Imaging of the pituitary gland in pregnancy

Detection of a pituitary adenoma on MRI can help confirm the diagnosis of Cushing's disease. However, imaging the pituitary gland during pregnancy requires awareness of special considerations. MRI is generally considered safe during pregnancy, although some authors have recommended avoiding MRI during the first trimester due to potential unknown adverse effects during organogenesis.[ 27 ] Gadolinium is categorized by the Food and Drug Administration (FDA) as category C and is generally avoided during pregnancy. It is important to note, however, that the sensitivity of MRI for detecting Cushing's disease in the nonpregnant population significantly decreases from 52% with gadolinium to 38% without gadolinium.[ 51 ] In addition, the pituitary gland undergoes a natural hyperplasia during pregnancy. The pituitary gland volume increases beginning at 12 weeks and doubles in size by the end of the third trimester.[ 18 ] In pregnancy, the gland does not exceed a vertical height of 10 mm, however, it may reach 12 mm in the immediate postpartum period. After the immediate postpartum period, the gland rapidly returns to normal size, regardless of breast-feeding status.[ 16 ] In addition, a normal anterior pituitary lobe in pregnancy tends to have a homogenous signal on T1-weighted images.[ 18 ]

Neurosurgical and anesthetic considerations

Given the high rate of maternal and fetal complications from untreated Cushing's syndrome, treatment is usually justified during pregnancy. The goal of treatment is to reduce UFC to the upper part of normal observed in pregnancy.[ 4 25 ] Prior studies have demonstrated superior maternal and fetal outcomes in addition to a higher rate of live births when medical treatment is implemented in the second trimester compared to no intervention during pregnancy.[ 25 29 ] The second trimester is considered the optimal time for surgical intervention because anesthesia given in the first trimester carries an increased risk of spontaneous abortion,[ 10 43 ] whereas anesthesia in the third trimester carries an elevated risk of premature labor.[ 10 52 ] Transsphenoidal surgery has been successfully performed in the second trimester in a small number of published case reports.[ 8 13 25 31 40 41 42 54 ]

Anesthetic considerations include ensuring adequate uterine blood flow, avoidance of anesthetic agents with possible teratogenic effects, and avoidance of hypoxia and acidosis.[ 1 ] The normal physiologic changes happening during pregnancy as well as pathophysiologic changes during Cushing's syndrome are important to consider when planning the general anesthetic needed. Difficulty in managing the airway as well as a high chance of aspiration could be a result of both pregnancy and Cushing's syndrome.[ 31 ] Uterine weight may compress the inferior vena cava and decrease preload and lead to arterial hypotension and placental insufficiency. A wedge underneath the right hip can displace the uterus and mitigate this effect.[ 14 ] Care must be taken to avoid undue pressure on the uterus by the surgeon or by any equipment during the case. Adequate hydration and special attention to fluid and electrolyte balance is important. Induced arterial hypotension which is often used in pituitary surgery to avoid excessive bleeding from the nasal mucosa should be avoided. Alternatively, local vasoconstrictive agents, warm saline nasal irrigation, and various thrombin containing hemostatic agents can be used instead. Although continuous fetal monitoring in conjunction with high-risk obstetric surveillance is recommended and definitely an option, it is probably best when it is utilized in situations where there is a viable fetus, thus giving immediate information about fetal well-being and if there is a need for immediate intervention including delivery.[ 5 14 32 ] The mean arterial blood pressure should first be increased if any intraoperative fetal compromise is detected.[ 32 53 ] For a fetus that has not reached a viable age, preinduction, and postsurgical monitoring will provide sufficient information. Regardless of timing, close and continuous communication between the obstetrician, perinatologist, anesthesiologist, and the surgeon is essential to ensuring the best outcome.[ 1 ]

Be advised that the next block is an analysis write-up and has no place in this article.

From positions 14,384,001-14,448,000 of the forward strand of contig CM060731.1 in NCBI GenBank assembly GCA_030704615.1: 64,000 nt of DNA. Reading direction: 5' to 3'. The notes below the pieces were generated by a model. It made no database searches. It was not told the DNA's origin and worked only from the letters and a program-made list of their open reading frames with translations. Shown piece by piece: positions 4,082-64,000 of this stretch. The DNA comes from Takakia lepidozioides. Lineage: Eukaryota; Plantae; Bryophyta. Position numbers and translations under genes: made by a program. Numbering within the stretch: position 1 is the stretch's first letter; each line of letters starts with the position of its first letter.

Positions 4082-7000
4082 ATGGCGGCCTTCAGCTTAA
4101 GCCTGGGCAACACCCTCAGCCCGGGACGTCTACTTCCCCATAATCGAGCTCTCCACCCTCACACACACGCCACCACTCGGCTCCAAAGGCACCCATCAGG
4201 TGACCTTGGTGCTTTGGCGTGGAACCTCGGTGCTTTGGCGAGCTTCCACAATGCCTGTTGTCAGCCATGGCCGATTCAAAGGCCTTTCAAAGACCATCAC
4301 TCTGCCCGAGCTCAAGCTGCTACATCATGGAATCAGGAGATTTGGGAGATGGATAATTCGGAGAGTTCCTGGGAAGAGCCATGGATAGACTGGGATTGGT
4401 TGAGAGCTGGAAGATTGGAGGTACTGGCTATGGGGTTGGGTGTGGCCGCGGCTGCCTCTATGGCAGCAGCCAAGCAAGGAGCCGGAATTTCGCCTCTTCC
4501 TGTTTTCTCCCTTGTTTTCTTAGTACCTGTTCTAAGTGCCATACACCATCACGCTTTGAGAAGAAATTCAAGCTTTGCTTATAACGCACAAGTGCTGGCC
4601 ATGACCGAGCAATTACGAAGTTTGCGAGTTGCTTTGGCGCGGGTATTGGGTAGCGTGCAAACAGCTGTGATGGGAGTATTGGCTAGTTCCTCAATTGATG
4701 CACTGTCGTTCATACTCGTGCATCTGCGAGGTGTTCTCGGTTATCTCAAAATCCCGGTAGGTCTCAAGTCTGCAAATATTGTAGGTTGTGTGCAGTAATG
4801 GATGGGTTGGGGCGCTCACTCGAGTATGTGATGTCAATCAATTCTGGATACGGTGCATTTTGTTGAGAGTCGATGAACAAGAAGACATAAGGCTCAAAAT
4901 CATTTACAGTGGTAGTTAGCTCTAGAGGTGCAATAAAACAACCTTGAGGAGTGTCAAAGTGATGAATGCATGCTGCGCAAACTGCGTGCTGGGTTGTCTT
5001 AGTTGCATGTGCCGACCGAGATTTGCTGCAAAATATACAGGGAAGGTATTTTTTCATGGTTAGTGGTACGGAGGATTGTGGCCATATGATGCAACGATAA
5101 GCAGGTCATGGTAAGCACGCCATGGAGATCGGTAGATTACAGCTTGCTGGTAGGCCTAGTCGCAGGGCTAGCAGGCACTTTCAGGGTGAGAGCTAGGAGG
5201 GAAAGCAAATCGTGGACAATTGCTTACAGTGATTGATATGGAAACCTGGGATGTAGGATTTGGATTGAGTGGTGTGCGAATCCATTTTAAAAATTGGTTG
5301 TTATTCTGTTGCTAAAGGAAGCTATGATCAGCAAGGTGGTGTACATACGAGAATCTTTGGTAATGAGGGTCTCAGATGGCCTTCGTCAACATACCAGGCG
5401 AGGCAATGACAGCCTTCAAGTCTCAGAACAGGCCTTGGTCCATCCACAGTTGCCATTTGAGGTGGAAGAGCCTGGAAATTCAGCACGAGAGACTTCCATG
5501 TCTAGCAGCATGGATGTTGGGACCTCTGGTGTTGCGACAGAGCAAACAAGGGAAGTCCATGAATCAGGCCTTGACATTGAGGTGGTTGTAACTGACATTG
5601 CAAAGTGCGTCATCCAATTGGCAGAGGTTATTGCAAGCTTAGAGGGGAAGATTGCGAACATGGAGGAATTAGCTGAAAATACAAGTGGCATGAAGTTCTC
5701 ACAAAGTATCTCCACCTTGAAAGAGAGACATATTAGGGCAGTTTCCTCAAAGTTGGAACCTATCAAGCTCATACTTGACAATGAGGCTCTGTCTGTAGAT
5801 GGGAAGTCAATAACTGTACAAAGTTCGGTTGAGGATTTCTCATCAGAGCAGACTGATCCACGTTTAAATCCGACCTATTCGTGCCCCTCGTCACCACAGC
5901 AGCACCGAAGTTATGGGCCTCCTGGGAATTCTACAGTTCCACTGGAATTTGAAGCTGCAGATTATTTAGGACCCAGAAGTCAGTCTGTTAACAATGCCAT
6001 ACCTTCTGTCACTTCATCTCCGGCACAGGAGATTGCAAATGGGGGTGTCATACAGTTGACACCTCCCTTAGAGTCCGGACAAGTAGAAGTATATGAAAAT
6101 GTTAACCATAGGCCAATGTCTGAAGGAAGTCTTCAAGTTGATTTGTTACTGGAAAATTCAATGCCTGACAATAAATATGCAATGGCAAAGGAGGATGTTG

Medical therapy

Although surgery is the first line treatment option for pregnant patients with Cushing's disease, medical therapy should be considered if surgery is not feasible. Despite being classified as a Class C drug by the FDA, meytrapone is the most commonly used medical therapy and is generally well-tolerated.[ 9 11 ] However, it does carry risk of fetal hypoadrenalism and increased risk of maternal hypertension and preeclampsia.[ 5 20 22 ] Ketoconazole, also FDA category C, has been used in few case reports, but is not generally used due to animal studies which demonstrated that it crosses the placenta and is both teratogenic and abortifacient.[ 2 3 24 33 ] In pregnancies in which medical therapy has been instituted, transient neonatal adrenal insufficiency should be anticipated and treated, as it is life-threatening and easily treatable.[ 19 ]


We present a case of successful surgical treatment of recurrent Cushing's disease during pregnancy. Biochemical remission was achieved in this case during pregnancy and the outcome was a healthy full-term neonate with no maternal complications during pregnancy or labor. Transsphenoidal surgery for Cushing's disease can be performed safely during the second trimester of pregnancy but requires extra vigilance and close communication between sub-specialty team members.

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Conflicts of interest